Our final output is to Blu-ray DVD
Blu-ray and DVD are actually two different things. Blu-ray is the newer format, DVD is the older.
I'd recommend the UT codec. It's lossless, so the quality will be there. And if you use the YUV 422 option, the file sizes can be quite reasonable. (Just be sure to install both the 32 and the 64 bit version of UT. They're separate MSI files.)
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Anything lossless--even just visually lossless and not mathematically so--is going to be massive. So what about a proxy workflow?
Encode to QuickTime with something like PNG or MJPEG at your final dimensions and framerate, but really crank down the bitrate/quality settings. This will give you a not-great-looking-but-rather-small file. They'll work well in Premiere for editing. Then--since DL is broken for you--also render out a full-resolution, uncompressed version from AE, naming them the same as the proxies but put them in a different folder. Take the proxies offline (with Premiere closed), and when you reopen the project, point them at the uncompressed versions. When you export, you'll be using the best quality source, but while you're editing in Premiere you won't be hampered by slow performance with the uncompressed files. Until you can figure out why DL isn't working for you, I think you'll find that this would give you the best of both worlds.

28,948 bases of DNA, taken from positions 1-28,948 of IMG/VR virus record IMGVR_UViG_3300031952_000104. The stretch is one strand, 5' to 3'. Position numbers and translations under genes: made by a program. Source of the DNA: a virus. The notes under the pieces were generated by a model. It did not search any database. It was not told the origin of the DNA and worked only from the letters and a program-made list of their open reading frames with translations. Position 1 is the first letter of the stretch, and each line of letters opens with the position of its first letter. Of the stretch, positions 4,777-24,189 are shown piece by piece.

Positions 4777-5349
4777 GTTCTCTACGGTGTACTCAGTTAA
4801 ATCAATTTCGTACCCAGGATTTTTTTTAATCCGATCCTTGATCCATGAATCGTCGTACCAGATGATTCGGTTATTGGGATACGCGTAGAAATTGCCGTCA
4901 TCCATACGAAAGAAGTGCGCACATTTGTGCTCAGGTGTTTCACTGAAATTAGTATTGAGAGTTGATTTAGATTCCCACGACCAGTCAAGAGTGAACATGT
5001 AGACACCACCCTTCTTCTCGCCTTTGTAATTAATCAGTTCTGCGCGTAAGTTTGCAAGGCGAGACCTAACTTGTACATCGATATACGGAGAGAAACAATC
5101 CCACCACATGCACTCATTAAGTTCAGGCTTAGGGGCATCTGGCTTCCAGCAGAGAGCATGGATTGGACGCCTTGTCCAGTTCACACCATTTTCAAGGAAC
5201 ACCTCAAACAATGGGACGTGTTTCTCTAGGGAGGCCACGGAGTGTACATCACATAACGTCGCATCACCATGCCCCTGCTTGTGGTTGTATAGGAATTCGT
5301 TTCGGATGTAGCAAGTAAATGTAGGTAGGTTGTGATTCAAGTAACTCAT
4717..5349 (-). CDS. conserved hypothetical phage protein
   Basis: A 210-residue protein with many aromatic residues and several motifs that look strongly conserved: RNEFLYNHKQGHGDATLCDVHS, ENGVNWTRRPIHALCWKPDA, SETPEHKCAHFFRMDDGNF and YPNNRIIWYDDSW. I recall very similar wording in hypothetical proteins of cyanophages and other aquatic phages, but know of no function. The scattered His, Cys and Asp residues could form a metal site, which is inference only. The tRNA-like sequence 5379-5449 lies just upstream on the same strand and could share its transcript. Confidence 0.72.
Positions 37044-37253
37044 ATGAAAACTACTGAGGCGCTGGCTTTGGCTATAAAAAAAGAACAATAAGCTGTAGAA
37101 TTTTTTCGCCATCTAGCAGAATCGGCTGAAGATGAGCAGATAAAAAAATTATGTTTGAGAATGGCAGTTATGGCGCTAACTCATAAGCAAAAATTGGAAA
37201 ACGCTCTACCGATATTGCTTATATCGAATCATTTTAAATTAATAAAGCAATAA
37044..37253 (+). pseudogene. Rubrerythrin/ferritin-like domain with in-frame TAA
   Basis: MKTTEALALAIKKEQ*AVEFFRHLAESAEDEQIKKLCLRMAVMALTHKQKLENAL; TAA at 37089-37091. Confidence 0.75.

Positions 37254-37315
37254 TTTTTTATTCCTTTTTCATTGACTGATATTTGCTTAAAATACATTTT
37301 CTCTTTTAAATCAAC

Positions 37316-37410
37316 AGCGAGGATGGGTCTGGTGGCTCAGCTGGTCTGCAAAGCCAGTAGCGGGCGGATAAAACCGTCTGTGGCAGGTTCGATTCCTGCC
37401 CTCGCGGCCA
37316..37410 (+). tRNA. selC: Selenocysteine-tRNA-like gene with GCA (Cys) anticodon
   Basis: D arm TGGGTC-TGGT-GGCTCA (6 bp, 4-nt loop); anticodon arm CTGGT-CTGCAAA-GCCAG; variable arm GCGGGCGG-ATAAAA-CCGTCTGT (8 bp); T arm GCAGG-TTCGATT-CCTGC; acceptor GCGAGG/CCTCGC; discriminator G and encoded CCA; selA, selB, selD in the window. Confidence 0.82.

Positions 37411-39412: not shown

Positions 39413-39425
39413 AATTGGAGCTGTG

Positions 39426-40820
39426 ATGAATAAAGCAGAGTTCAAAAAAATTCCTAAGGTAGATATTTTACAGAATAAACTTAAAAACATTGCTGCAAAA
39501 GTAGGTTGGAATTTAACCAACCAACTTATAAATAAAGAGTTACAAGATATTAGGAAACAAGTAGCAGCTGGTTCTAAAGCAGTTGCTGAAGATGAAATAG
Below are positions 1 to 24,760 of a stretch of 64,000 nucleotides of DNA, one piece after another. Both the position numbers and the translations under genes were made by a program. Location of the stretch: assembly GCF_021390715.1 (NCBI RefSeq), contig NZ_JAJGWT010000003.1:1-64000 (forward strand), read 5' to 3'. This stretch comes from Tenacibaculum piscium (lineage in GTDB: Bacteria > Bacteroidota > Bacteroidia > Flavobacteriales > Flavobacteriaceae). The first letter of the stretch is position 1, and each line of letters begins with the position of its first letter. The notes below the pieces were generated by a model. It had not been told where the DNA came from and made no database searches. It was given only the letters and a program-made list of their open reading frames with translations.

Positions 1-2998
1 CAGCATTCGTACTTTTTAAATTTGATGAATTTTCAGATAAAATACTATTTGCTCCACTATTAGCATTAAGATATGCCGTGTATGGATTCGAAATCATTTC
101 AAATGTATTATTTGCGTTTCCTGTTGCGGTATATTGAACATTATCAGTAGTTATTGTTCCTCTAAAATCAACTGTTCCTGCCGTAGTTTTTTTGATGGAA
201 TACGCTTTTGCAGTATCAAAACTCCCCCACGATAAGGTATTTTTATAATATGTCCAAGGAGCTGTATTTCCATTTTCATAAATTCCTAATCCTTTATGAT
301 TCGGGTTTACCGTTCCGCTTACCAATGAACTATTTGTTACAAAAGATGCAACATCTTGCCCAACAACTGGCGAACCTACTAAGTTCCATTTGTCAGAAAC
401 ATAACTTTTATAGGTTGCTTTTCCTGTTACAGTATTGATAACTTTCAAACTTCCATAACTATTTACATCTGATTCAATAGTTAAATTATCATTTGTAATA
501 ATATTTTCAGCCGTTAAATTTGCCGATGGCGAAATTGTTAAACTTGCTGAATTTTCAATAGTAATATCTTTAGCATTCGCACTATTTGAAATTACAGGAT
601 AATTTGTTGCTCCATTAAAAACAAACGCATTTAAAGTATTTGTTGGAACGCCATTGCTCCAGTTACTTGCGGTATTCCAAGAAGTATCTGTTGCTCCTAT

PNG itself is a lossless compression standard. Can you really change anything about it to 'degrade' the quality and save file size?
Whoops--typo. Good catch. Meant to say 'Photo JPEG'...
You can change the bit depth of the PNG exporter from 24-bit to 8-bit, and that decreases filesize rather significantly, but the files are still relatively large when comparing to P-JPEG or M-JPEG. PNG makes a good lossless export, though.
I'll echo the folks suggesting PNG as a lossless codec for intermediate work. It's a bit processor-intensive, but it's nearly universal, the compression is twice as good as Animation, and it can hold an alpha channel.
(I have nothing against UT. It's just not as good for interchange with other folks, who might not want to download something new.)
The drawback to PNG (for me at least) is that it requires QuickTime to do so. You can't create an AVI using PNG. You can create UT AVI files.
And unlike QuickTime, UT doesn't seem to interfere with anything on the system or present it's own issues into the mix of things.
And it's a native 64 bit codec, unlike the QuickTime wrapper which needs special handling to work inside of PP and AE and which can sometimes go wrong.
If you don't have to work with anyone else on any other system with any other operating system, Ut is fine. But if you need to be cross-platform or platform-agnostic, QuickTime is the way to go. AVI support on Macs is pretty limited; MOV support on PCs is pretty broad.
And I work with QuickTimes on literally a daily basis, with a mish-mash of codecs, and I don't run into any of these mysterious issues which are commonly alluded to. I've got 6TB of DVCPRO50 MOVs sitting on an external RAID right now that I cart back and forth between my PC PPro system and a producer's FCP system, with nary a problem. The only way I could make this current project work was to use QuickTime.